In the picture above, we see the floating head activated (click image for full view). The z-axis mounting block (1) is separated from the ball screw plate (2). The ball screw plate is circular with holes, with parallel edges so it can fit within the mechanism. If the z-axis were ‘fixed’ (no floating head action), this plate (1) would be bolted from the bottom to the mounting block (2) with two allen-hole machine screws. To activate the floating head, simply remove these two screws from below the plate.

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  • Pull up on the z-axis to see if it moves, if it moves, compressing the spring – the z-axis is active

 

 

Step 4 – Attach Cables & Cords

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  • Plug in the control box power cord
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  • Plug the spindle power cord into the control box
The spindle power cord is sheathed with the motor control cables coming off the machine.

If you are engraving wood, glass, aluminum and other heat sensitive materials, plug this cord into the separate speed controller, then plug the speed control into the control box

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  • Pug in the motor control cables, matching the letter on the plug head with the corresponding port on the control box
  • Tighten the retainer screws on the ports – you want to maintain a good solid connection so your job isn’t interrupted if the box or cords are moved while the machine is running
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  • Plug in power cord to laptop
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  • Plug in control box and laptop cords to power supply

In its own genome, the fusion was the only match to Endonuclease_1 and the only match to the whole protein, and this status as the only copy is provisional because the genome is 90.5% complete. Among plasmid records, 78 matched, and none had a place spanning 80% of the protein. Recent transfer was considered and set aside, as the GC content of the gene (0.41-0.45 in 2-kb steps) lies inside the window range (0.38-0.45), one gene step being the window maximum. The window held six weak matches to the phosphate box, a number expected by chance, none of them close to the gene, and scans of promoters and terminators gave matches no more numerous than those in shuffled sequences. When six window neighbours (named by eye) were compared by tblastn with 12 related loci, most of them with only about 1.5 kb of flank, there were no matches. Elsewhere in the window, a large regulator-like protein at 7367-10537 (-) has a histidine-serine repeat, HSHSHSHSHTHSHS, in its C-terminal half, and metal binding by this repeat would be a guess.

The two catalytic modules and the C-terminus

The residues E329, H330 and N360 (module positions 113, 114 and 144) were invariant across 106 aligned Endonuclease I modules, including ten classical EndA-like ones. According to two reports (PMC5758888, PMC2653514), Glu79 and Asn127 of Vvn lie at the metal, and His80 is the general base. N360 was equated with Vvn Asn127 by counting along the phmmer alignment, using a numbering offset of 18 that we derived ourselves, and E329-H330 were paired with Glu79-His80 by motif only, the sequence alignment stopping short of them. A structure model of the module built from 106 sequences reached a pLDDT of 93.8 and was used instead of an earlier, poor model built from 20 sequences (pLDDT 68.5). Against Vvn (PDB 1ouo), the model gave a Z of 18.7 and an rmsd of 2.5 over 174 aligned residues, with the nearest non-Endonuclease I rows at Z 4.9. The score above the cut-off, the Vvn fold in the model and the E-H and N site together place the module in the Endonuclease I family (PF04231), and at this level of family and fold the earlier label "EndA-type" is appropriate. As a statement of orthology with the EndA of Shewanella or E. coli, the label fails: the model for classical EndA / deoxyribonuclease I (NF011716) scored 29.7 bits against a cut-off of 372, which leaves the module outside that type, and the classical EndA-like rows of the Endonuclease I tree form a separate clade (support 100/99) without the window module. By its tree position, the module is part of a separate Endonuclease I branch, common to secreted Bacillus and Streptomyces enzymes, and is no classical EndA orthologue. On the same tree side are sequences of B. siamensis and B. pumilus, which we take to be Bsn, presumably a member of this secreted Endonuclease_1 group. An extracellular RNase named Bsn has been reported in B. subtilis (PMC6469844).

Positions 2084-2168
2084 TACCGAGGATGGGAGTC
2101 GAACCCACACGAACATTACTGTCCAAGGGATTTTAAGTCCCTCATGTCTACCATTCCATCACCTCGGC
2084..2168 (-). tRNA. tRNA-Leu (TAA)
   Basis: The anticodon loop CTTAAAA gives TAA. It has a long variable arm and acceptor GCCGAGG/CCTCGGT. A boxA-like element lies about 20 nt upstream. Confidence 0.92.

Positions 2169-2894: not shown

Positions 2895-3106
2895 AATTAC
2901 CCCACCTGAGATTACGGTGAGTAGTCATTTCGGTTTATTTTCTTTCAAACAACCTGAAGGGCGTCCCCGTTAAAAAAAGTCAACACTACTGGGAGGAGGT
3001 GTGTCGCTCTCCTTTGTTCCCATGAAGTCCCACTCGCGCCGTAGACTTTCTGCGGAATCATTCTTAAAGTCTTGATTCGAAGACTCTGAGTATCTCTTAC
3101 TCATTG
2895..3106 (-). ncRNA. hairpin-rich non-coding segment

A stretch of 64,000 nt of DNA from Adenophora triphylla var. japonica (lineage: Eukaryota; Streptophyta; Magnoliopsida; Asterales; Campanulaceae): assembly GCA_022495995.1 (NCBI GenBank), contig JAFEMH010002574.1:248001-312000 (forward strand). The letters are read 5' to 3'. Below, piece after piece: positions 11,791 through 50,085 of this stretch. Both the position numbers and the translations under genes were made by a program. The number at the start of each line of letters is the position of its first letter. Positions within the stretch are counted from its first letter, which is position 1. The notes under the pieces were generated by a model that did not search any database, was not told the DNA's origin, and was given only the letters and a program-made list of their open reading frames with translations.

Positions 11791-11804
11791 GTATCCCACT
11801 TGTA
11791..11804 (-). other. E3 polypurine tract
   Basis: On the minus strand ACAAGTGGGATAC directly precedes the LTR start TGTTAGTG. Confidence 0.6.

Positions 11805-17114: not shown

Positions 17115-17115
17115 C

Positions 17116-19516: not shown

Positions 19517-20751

It is strongly recommended that you use a quality surge protector between your power source and the machine and laptop. A surge protector will ensure a longer life for your electronics and eliminate potential issues with power spikes interfering with the operation of the Concrete Printer
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  • Plug the USB cable into the control box
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  • Plug the other end of the USB cable into the laptop

Click image for larger view. For smaller screens, click the expander icon in the top right of the pop-out window for the full size view.

Step 5 – Check Emergency Stop Button and Power Up

  • Turn on the Concrete Printer by pushing the rocker switch toward the ‘Power’ text mark.
You should hear power going to the drive motors on the Concrete Printer (Drive motors will also emit a low humming sound). The gantry will also no longer be able to move by hand.
       

  • If no power is detected, check the emergency stop button and ensure it is not pressed in. If it is, turn clockwise.
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  • Visually check emergency stop button by viewing its profile

Click image for larger view. For smaller screens, click the expander icon in the top right of the pop-out window for the full size view.

Step 6 – Position Control Box

  • Position the control box in front of the machine so that the cord has slack and sufficient room to move without tugging the connections
  • Make sure your USB (ethernet for newer models) and Laptop power cords are slack and laying flat to avoid tripping over